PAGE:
You can use this link to sign up for $100 of free hosting credit with Linode (plenty of months of free credit given that Algo is only $5 a month to host on their platform)
Ok, so. Here’s the breakdown of the steps we’ll take:
- Create a Linode account
- Install Algo dependencies
- Download the Algo codebase
- Run the Algo deploy script
- Install the VPN client and configuration on your personal device(s)
That’s all folks. Let’s crack our knuckles and get into it!
Step 1: Create a Linode account
The first step is to create a Linode account here. You’ll be prompted to enter some info like a user name and payment info. Once logged in successfully, you should see a dashboard like the following:
The only thing we’ll need from the Linode web page at this point is to grab whats called an “access token”. What is that you ask? Well, it’s basically a secret key from Linode, and it’s this key that Algo will use to automatically deploy a VPN server on your behalf.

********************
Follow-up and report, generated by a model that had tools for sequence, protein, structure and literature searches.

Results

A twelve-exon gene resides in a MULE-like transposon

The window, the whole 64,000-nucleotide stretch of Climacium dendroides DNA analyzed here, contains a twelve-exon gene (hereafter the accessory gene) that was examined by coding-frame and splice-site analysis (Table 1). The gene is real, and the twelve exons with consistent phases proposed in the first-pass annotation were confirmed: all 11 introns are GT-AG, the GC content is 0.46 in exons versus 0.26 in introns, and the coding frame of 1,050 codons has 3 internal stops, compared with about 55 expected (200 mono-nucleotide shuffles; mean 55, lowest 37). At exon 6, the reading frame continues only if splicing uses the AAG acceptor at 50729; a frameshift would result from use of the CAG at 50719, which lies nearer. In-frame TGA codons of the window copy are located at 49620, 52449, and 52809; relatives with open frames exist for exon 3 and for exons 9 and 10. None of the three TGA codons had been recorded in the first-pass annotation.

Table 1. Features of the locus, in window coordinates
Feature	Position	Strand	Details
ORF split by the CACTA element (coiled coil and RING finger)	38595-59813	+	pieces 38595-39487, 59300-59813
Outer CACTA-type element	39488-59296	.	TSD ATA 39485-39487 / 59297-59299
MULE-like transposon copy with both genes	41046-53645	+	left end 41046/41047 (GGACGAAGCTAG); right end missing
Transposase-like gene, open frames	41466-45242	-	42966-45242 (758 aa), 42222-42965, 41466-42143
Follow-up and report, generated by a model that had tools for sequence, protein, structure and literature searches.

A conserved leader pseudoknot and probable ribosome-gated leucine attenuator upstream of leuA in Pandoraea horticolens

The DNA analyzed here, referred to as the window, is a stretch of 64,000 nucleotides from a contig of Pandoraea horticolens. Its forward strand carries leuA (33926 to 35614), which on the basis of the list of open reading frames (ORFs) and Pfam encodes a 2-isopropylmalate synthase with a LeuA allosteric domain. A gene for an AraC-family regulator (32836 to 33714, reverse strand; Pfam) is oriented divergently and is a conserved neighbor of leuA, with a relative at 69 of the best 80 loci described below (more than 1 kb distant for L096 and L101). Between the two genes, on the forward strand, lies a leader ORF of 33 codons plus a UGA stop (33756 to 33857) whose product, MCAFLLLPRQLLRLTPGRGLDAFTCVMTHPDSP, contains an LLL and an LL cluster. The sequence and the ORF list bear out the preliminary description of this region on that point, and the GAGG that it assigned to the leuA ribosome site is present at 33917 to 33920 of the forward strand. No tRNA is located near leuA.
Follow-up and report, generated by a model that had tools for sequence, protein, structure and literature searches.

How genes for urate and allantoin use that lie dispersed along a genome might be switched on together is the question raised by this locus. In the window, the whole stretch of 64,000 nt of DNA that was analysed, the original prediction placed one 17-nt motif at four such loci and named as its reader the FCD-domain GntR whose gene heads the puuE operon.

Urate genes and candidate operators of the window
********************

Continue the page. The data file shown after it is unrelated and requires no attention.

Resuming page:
To find this secret, click on your profile icon in the top right corner of the page, and select “API Tokens”. You will see a page like this:
Click “Create a Personal Access Token”, which will open a side panel that prompts you to enter a Label, as well as specify permissions for that token.
Give this token a label (it can be an arbitrary name), for Expiry select “In 1 month,”, and hit “Create Token.”
If all goes well, you should see a dialog that looks something like this:
Copy the value of this and paste it somewhere secure! If you use a password manager, I would suggest making a “secure note” labeled Linode and copying this value into that. You don’t want this value hanging around on your computer once you are finished with it.
Great! You’re done with the Linode setup part. Time to do some prep work for Algo.